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Improved Blood Pressure Control With a Physician-Nurse Team and Home Blood Pressure Measurement

      OBJECTIVE

      To assess whether a physician-nurse team model could improve long-term hypertension control rates by active intervention and modification of antihypertensive drug regimens based on home blood pressure (BP) measurements.

      PATIENTS AND METHODS

      This study consisted of patients referred to a hypertension specialty clinic between July 1999 and June 2002 for the evaluation and management of uncontrolled hypertension. Patients were evaluated initially by a physician. A treatment plan was designed and implemented subsequently by a hypertension nurse specialist. Each patient was given an automated digital home BP monitor and requested to provide 42 BP readings taken during 7 days at intervals of 1, 3, 6, 9, and 12 months after dismissal from the clinic. The mean of these weekly values was reviewed by the physician-nurse team, and the treatment regimen was adjusted to achieve a goal BP of less than 135/85 mm Hg.

      RESULTS

      One hundred six consecutively referred patients were enrolled in the study (mean ± SD age, 64±14 years; 58% female; baseline BP, 156±16/85±11 mm Hg). Ninety-four patients submitted BP data after 1 month, and 78 patients completed the entire 12-month study period. Overall, mean BP decreased to 138±17/78±8 mm Hg at 1 month and to 131±9/75±7 mm Hg at 12 months (P<.01 vs baseline). The percentage of patients who achieved BP control to less than 135/85 mm Hg increased from 0% at baseline to 63% at 12 months. Intensification of antihypertensive drug therapy was required, on average, in 24% of patients at each study interval. The mean number of drugs increased from 1.2 at baseline to 2.0 at 12 months (P<.01).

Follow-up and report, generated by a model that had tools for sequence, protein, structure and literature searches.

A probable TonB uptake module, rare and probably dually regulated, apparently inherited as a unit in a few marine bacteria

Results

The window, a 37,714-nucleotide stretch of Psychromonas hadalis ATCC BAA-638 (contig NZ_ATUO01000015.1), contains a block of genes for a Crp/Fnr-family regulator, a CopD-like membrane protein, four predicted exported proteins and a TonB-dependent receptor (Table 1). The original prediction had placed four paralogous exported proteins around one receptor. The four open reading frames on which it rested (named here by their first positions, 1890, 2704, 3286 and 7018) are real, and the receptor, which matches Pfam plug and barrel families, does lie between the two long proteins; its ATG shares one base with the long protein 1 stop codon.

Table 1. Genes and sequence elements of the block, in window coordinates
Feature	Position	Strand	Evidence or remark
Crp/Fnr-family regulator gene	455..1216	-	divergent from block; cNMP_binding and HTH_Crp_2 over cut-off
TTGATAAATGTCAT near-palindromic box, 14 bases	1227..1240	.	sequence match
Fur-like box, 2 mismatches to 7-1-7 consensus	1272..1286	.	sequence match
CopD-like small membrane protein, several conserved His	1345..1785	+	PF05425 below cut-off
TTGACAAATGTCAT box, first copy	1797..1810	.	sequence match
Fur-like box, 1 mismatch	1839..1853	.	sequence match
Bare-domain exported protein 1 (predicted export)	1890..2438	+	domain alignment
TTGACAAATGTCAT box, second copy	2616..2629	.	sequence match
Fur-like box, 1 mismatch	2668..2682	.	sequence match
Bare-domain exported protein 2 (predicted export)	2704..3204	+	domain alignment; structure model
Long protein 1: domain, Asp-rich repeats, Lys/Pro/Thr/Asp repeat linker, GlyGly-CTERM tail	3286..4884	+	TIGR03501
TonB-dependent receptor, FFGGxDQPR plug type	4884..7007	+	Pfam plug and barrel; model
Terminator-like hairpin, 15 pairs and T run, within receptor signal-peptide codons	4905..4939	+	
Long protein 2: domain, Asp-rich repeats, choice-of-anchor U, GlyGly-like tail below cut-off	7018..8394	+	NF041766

CONCLUSION

      The use of home BP measurement by a physiciannurse team has the potential to significantly improve long-term hypertension control rates in a geographically dispersed patient population. This model should reduce both cost and inconvenience associated with the treatment of hypertension.
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      Linked Article

      • On Improving Hypertension Treatment Success
        Mayo Clinic ProceedingsVol. 80Issue 1
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          Optimal clinical management of hypertension in the United States remains a remarkably contentious issue despite overwhelming evidence that lowering the blood pressure level is a major factor in decreasing the risk of untoward cardiovascular events.1 Analysis of the hypertensive population of more than 50 million people in the United States exhibited an embarrassing decrease in the number of those who received a diagnosis and therapeutic intervention and subsequently achieved therapeutic success.
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